Railroads Were at the Forefront of Political Corruption
A turn-of-the-century trial, the focus of a new book, took aim at the Victorian double standard.
SOURCE: The Conversation
by Randall S. Sumpter
Try being a reporter in the Gilded Age.
SOURCE: History channel
by Edward T. O’Donnell
The original Gilded Age was followed by the Progressive Era. Will ours?
SOURCE: New Republic
by Sarah Jones
America today has a lot in common with that bygone era of monopolies and gross inequality. But will the country respond similarly?
by Leon Fink
One lesson is that the history of Gilded Ages is complicated and that should give us hope.
SOURCE: Library of America
Right after the Civil War, says Stanford's Richard White, Americans were really hopeful, then reality hit
By the 1870s the gulf between the ideal and the reality had widened considerably and would continue to widen for the rest of the century.
SOURCE: The Guardian
Not since the time of the Carnegies, Rockefellers and Vanderbilts at the turn of the 20th century was so much owned by so few.
SOURCE: The Washington Post
Everywhere he looks, Republican strategist and lobbyist Bruce Mehlman sees “eerie” parallels between the Gilded Age and today.
by Lewis L. Gould
Morgan, who passed away in January, almost single-handedly rescued the study of the late nineteenth century from history's proverbial ash heap.
Michael Lind is the author of Land of Promise: An Economic History of the United States and co-founder of the New America Foundation.My previous Salon essay, in which I asked why there are not any libertarian countries, if libertarianism is a sound political philosophy, has infuriated members of the tiny but noisy libertarian sect, as criticisms of cults by outsiders usually do. The weak logic and bad scholarship that suffuse libertarian responses to my article tend to reinforce me in my view that, if they were not paid so well to churn out anti-government propaganda by plutocrats like the Koch brothers and various self-interested corporations, libertarians would play no greater role in public debate than do the followers of Lyndon LaRouche or L. Ron Hubbard....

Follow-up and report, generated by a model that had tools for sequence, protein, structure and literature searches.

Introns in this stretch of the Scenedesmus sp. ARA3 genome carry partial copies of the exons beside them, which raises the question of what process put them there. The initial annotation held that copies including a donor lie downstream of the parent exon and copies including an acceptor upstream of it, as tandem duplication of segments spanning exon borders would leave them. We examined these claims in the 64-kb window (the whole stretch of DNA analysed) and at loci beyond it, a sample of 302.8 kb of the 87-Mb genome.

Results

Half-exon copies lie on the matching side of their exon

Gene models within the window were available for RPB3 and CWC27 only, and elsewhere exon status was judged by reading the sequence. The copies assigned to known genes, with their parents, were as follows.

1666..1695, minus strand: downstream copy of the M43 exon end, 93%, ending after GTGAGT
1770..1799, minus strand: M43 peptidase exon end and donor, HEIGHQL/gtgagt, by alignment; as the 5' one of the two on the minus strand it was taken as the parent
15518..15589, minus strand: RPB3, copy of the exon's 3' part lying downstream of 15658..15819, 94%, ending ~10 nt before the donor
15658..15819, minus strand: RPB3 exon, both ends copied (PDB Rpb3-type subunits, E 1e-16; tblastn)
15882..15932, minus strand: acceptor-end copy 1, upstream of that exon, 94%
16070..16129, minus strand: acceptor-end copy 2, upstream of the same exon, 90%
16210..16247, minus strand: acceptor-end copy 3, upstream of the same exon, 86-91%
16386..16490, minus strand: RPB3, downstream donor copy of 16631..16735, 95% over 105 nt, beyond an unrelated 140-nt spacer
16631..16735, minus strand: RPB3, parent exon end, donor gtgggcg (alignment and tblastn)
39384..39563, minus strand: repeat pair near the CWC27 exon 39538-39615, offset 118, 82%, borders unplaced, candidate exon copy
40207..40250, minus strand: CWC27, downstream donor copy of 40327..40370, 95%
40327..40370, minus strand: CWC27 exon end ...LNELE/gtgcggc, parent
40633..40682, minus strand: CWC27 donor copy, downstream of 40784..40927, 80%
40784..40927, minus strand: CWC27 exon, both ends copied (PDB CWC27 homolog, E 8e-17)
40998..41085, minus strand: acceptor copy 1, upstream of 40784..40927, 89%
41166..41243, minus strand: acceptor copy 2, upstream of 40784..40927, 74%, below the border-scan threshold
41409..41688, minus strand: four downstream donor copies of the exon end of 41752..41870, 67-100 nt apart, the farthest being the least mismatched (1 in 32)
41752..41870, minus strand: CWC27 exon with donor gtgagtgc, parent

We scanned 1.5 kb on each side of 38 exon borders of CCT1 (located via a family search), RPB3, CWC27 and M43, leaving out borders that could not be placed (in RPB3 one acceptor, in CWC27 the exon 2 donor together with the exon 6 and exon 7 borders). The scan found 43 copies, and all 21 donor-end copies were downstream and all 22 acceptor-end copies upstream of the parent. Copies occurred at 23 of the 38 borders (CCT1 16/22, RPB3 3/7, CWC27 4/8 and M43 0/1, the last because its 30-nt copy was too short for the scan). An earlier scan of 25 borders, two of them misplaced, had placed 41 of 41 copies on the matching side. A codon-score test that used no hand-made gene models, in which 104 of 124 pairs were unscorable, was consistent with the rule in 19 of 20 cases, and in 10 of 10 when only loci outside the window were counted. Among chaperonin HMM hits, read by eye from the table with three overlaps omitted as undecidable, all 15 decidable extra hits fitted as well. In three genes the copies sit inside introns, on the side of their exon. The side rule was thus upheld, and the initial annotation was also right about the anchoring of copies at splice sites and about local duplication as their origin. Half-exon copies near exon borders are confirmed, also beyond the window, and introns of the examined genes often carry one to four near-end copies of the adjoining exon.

SOURCE: Cornell Universty Tumblr
With the American premier of Downton Abbey, season three, here are five history lessons based on the popular television series provided by Katherine Howe, author and lecturer of American studies at Cornell University. The paperback of Howe’s novel, “The House of Velvet and Glass,” takes place in the same time period and will be released on Jan. 29 by Hyperion/Voice.The real women behind Cora, Countess of Grantham and her mother, Martha Levinson
- A farm boy became a fearsome warrior at Iwo Jima. And he did it with a flamethrower.
- Plymouth Rock vandalized with red graffiti ahead of 400th anniversary of Mayflower landing
- The enslaved people who built and staffed the White House: An afterthought no more
- Truman and Coolidge go up, Jefferson and Jackson go down. How history remembers presidents
- George Steiner: The Last Viennese Jew
- Renowned presidential historian Doris Kearns Goodwin finally takes on George Washington
- Legal Historian Jed Shugerman Says William Barr's Actions Are "Remarkably Not Normal"
- Historian Ruth Ben-Ghiat Quoted in Washington Post Article on Trump's Quest to Rewrite History
- This one-of-a-kind conference celebrates the real people behind the Underground Railroad
- Zara Steiner, distinguished scholar of diplomatic history, dies at 91